I’m not delivering this message to discredit anyone’s efforts or dissuade you from pursuing a lean business model. In fact, I encourage everyone to learn more about what’s being delivered by some of the lean body shops out there. I only raise these issues due to the high level of interest in lean when compared to the high level of difficulty in its execution. There’s way too much value being produced by this group of lean collision repairers out there for lean to go unrecognized or meet its demise through the curse of the buzzword.

Big Results
So what’s being delivered by some
of these shops? How about seeing cycle times drop to four or five days on average – on all vehicles, real calendar days, keys to keys – in an industry that still averages a dozen or so? How about shops of just 5,000 to 7,000 square feet producing $2.5 million-plus in sales? How about net margins four or five times that of the industry average? How about doing all this at a severity that’s competitive with the market averages? Some even charge less, just because they can.

What’s even more impressive is that every truly lean organization is beyond the satisfaction these results bring; they’re already working on moving the needles again. Can you image what the industry would look like if these results spread? The synergy that could be created between collision repairers, insurers, vendors, suppliers and vehicle owners would be awesome.

It’s a win-win-win situation. Customers win through reduced cycle times, higher quality and predictable service, even lower claims costs. Insurers win with reduced costs with rental expenses and the reduced severity available from the higher margins shops achieve. Vendors and suppliers win through more organized supply chains and predictable demand, and even a reduction of current pricing pressure. Lastly, and most of all, collision repair shops win in so many ways. Great profits are realized, relationships with insurers quickly become mutually profitable partnerships, customers love you for the right reasons, your employees’ stress levels drop, work becomes exciting for everyone, you bring stability to the organization and futures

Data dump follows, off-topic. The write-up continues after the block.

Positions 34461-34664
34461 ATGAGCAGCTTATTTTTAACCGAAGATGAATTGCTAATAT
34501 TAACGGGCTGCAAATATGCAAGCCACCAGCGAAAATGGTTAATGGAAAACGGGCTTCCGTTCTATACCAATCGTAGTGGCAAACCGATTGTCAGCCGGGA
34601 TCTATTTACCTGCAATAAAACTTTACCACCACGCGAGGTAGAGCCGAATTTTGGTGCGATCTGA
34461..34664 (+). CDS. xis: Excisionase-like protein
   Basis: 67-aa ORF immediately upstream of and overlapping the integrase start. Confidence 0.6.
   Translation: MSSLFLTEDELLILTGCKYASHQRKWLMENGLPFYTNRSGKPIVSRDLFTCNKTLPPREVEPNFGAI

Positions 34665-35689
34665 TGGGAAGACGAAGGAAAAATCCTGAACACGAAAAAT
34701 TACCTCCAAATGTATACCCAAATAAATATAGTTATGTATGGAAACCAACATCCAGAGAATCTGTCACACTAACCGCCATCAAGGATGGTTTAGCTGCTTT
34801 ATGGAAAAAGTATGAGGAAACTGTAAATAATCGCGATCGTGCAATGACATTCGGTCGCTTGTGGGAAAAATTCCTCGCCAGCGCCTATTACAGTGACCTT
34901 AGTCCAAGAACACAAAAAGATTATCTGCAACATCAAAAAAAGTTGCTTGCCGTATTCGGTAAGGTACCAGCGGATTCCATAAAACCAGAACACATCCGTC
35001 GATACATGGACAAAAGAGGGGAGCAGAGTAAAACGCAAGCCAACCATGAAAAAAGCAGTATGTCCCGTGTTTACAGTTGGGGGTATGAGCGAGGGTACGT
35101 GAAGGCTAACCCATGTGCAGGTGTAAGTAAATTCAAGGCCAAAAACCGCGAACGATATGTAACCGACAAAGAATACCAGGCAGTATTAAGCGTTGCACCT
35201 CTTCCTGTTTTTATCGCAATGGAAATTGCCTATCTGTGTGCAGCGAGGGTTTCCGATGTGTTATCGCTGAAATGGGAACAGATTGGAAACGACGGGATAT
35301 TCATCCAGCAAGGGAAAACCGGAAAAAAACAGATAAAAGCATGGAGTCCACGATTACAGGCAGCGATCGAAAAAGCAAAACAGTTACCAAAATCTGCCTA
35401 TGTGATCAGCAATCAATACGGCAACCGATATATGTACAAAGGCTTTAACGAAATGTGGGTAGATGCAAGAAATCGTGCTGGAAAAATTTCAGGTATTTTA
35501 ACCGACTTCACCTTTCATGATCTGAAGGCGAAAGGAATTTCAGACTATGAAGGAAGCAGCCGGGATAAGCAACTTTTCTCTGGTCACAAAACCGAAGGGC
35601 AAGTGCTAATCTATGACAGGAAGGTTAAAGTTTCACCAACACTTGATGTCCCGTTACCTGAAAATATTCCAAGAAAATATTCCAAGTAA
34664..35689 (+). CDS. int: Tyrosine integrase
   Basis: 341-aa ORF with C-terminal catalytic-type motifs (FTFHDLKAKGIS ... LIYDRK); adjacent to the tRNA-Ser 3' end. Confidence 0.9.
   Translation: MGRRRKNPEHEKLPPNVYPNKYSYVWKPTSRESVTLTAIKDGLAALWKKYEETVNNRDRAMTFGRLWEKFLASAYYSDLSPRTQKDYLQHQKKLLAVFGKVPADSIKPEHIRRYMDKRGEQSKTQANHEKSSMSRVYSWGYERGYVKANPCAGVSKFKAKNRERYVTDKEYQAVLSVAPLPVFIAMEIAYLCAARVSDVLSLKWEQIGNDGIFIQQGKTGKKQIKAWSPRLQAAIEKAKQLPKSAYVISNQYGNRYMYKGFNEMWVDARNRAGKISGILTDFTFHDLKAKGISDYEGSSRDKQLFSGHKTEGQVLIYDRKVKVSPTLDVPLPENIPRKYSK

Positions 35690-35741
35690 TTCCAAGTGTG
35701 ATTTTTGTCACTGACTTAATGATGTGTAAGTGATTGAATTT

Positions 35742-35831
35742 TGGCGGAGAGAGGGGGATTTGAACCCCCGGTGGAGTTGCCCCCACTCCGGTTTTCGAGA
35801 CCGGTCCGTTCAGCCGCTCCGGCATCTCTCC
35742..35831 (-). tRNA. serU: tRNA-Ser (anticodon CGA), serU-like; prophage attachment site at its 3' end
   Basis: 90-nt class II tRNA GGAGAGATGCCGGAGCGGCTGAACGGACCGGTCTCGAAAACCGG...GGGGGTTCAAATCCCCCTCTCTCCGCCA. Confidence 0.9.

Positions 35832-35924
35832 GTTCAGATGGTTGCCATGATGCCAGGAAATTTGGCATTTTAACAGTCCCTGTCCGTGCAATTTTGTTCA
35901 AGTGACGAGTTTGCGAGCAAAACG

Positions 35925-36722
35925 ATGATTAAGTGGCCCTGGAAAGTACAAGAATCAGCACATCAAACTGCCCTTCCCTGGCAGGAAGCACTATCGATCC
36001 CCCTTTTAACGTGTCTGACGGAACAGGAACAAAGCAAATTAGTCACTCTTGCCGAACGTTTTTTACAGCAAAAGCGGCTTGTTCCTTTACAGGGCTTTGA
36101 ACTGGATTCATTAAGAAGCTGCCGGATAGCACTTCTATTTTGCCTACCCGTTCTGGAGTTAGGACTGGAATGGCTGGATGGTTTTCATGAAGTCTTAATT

are secure.

A Very Different Way
If you’re considering “lean” as a solution to your situation, please remember that this is a very different way. Not a difficult or complex way, just a different way. In fact, it’s just a way itself. Lean happens during the journey, not at some final destination. The improvement comes through trying to get to someplace new that you didn’t realize you needed to go. It’s in attempting to reach this never-before realized level of performance that you quickly become better than you were. A little better plus a little better plus a little better will always equal a whole lot better, and better is better.

There’s no final destination for lean. No one can ever tell you how long it took, because you never stop trying to get there. All anyone can tell you is how long it took before they understood a certain concept or saw the real value in a tool. It’s a process of continually “getting it” because you never stop learning more about it. But at the end of the day, it’s a matter of starting. This must begin with understanding where you’re going and why you’re going there.

If you think it’s for you, then start by getting your head wrapped around the idea. If you can’t see yourself continually seeking to improve or rethinking the business you’re in, then don’t do it.

Contributing editor John Sweigart is a principal partner in The Body Shop @
(www.thebodyshop-at.com). Along with his business partner, Brad Sullivan, they own and operate collision repair shops inside new car dealerships, as well as consult to the industry. Sweigart has spent 21 years in the collision repair industry and has done everything from being an independent shop owner to a dealership shop manager to a store, regional and, ultimately, national director of operations for Sterling Collision Centers. Both Sweigart and Sullivan have worked closely with former manufacturing executives from Federal-Mogul, Morton Thiokol and Pratt & Whitney in understanding and implementing the principles of the Toyota Production System. You can e-mail Sweigart at [email protected]